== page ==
To ask the Secretary of State for Work and Pensions, what estimate he has made of the proportion of universal credit claimants that have had a deduction as a result of arrears to their (a) first, (b) second, (c) third, (d) fourth, (e) fifth and (f) sixth universal credit payment in the most recent period for which data is available.
The maximum rate of deductions cannot normally exceed 40 per cent of the Universal Credit standard allowance and does not reduce other components of an award, such as money paid for children, housing or when someone is caring for a severely disabled person. From October 2019 this will be reduced to 30 per cent and from October 2021 we are increasing the maximum recovery period for advances from 12 to 16 months.
However, the Government recognises the importance of safeguarding the welfare of claimants who have incurred debt, so last resort deductions can be applied to protect vulnerable claimants from eviction and/or having their fuel supply (gas/electricity) cut off, by providing a last resort repayment method for arrears of these essential services. In these cases, when it is considered to be in the best interests of the claimant and their family, deductions may be taken above the 40 per cent limit.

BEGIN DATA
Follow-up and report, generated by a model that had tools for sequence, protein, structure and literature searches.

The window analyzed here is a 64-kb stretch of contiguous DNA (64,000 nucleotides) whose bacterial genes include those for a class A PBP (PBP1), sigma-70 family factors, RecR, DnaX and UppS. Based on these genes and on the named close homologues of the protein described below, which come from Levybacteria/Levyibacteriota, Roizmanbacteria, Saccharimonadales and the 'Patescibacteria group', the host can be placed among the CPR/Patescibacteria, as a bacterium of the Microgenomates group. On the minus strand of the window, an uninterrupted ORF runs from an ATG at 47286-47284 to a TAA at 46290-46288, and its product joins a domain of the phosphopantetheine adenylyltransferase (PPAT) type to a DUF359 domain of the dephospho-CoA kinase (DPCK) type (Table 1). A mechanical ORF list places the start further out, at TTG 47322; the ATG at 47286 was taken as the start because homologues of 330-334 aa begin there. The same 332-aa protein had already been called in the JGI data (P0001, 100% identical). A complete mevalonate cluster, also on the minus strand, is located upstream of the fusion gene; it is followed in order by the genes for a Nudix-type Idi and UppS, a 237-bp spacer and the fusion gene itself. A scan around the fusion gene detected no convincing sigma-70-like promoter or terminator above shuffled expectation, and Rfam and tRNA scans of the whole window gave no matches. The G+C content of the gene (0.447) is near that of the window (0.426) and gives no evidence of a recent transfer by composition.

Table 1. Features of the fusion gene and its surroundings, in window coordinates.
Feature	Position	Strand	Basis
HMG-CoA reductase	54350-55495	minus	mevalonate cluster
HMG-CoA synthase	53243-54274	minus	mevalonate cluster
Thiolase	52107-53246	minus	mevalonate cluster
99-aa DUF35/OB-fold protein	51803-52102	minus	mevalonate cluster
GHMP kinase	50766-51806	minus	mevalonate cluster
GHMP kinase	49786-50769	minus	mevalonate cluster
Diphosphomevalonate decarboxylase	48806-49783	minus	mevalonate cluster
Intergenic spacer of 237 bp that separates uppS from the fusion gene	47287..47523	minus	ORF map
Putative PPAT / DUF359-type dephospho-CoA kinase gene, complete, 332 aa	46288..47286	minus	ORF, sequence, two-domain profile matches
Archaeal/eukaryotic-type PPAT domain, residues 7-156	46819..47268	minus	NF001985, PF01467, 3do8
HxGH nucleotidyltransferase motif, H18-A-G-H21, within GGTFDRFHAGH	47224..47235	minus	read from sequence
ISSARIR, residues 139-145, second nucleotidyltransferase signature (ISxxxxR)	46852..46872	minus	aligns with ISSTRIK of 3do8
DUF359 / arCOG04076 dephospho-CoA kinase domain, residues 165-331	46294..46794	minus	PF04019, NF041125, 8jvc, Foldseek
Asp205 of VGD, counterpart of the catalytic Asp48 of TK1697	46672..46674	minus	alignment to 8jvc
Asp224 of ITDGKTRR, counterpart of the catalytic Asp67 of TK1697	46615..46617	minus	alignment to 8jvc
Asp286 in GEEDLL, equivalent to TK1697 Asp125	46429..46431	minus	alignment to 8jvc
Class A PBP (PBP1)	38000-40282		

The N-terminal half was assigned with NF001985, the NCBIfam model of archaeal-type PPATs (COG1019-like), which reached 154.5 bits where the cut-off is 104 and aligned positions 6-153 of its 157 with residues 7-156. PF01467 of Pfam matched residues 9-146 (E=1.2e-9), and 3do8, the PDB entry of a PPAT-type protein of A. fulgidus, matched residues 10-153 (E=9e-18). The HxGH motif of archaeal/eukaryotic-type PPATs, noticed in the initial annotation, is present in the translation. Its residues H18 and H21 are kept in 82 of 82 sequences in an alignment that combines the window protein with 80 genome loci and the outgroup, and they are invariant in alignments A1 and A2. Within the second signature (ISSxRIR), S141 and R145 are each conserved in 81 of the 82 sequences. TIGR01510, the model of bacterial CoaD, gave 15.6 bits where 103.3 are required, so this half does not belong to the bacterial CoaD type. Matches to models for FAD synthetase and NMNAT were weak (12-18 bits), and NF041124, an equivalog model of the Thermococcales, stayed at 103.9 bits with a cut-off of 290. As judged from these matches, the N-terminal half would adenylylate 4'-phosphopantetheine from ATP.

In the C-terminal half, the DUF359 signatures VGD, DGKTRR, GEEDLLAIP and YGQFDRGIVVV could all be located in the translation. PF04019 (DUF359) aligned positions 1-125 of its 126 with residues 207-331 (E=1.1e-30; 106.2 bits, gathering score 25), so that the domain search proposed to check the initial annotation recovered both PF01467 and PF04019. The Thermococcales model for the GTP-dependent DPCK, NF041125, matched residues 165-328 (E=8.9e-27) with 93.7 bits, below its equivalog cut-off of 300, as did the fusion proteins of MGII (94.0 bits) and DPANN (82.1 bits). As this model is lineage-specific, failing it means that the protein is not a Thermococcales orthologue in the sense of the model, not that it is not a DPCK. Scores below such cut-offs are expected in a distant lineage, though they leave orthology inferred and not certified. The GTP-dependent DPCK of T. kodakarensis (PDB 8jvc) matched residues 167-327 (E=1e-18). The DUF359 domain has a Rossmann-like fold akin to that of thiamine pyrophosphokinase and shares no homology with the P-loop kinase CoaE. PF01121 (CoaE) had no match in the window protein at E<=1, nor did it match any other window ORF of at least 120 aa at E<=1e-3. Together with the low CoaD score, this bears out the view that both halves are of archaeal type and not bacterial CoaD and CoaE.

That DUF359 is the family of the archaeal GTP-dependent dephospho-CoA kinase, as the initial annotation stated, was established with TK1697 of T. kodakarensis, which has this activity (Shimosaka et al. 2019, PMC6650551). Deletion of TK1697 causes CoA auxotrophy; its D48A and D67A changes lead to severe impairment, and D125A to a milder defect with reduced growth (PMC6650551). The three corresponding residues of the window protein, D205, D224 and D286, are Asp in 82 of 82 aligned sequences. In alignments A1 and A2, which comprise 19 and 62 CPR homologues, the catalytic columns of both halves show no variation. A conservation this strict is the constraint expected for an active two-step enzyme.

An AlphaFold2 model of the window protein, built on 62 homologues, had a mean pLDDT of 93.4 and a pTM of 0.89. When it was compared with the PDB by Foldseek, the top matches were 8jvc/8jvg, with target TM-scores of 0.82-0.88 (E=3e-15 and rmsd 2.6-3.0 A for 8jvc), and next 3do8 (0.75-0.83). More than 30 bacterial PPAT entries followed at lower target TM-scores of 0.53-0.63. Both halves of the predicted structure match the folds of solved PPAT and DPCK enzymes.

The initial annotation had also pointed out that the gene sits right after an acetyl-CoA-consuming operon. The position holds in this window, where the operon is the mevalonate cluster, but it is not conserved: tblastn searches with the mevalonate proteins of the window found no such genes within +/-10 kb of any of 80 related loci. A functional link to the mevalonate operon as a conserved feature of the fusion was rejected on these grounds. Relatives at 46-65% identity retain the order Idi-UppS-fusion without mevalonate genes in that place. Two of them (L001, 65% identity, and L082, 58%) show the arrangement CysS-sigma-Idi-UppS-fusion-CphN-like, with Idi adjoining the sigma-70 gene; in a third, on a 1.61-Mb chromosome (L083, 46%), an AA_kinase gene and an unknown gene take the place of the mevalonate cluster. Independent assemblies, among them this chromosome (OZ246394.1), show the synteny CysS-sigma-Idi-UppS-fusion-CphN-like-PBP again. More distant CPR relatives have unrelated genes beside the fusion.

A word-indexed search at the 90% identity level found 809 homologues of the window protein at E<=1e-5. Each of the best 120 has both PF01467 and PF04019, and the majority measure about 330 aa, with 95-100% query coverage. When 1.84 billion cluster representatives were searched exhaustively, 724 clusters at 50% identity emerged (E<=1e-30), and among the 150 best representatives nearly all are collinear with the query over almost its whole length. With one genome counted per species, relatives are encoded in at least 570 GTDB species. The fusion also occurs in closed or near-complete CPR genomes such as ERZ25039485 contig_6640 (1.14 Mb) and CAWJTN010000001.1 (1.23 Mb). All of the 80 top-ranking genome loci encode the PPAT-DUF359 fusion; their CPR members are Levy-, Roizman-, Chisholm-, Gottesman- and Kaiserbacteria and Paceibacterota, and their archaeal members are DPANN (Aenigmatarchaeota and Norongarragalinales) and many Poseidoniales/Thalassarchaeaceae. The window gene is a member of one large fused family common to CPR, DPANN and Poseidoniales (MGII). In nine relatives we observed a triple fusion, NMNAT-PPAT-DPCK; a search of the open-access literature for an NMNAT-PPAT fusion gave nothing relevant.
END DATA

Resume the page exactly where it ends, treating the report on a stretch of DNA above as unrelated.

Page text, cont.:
If a claimant is in financial difficulty as a result of the level of deductions being made they can contact the Department to request that a reduction in deductions be considered
The table below gives the proportion of claims in the first to sixth assessment periods, for which a deduction was taken relating to arrears in February 2019, the latest month which data is available for.
% with arrears deductions
1. Figures relate to Universal Credit full service.
2. Figures are rounded to the nearest per cent.
3. Figures included arrears for gas, electric, water, rent and service charges
4. We would expect to see overall amount increasing as the caseload and number of claims with deductions increase, but the average over that time also decreases.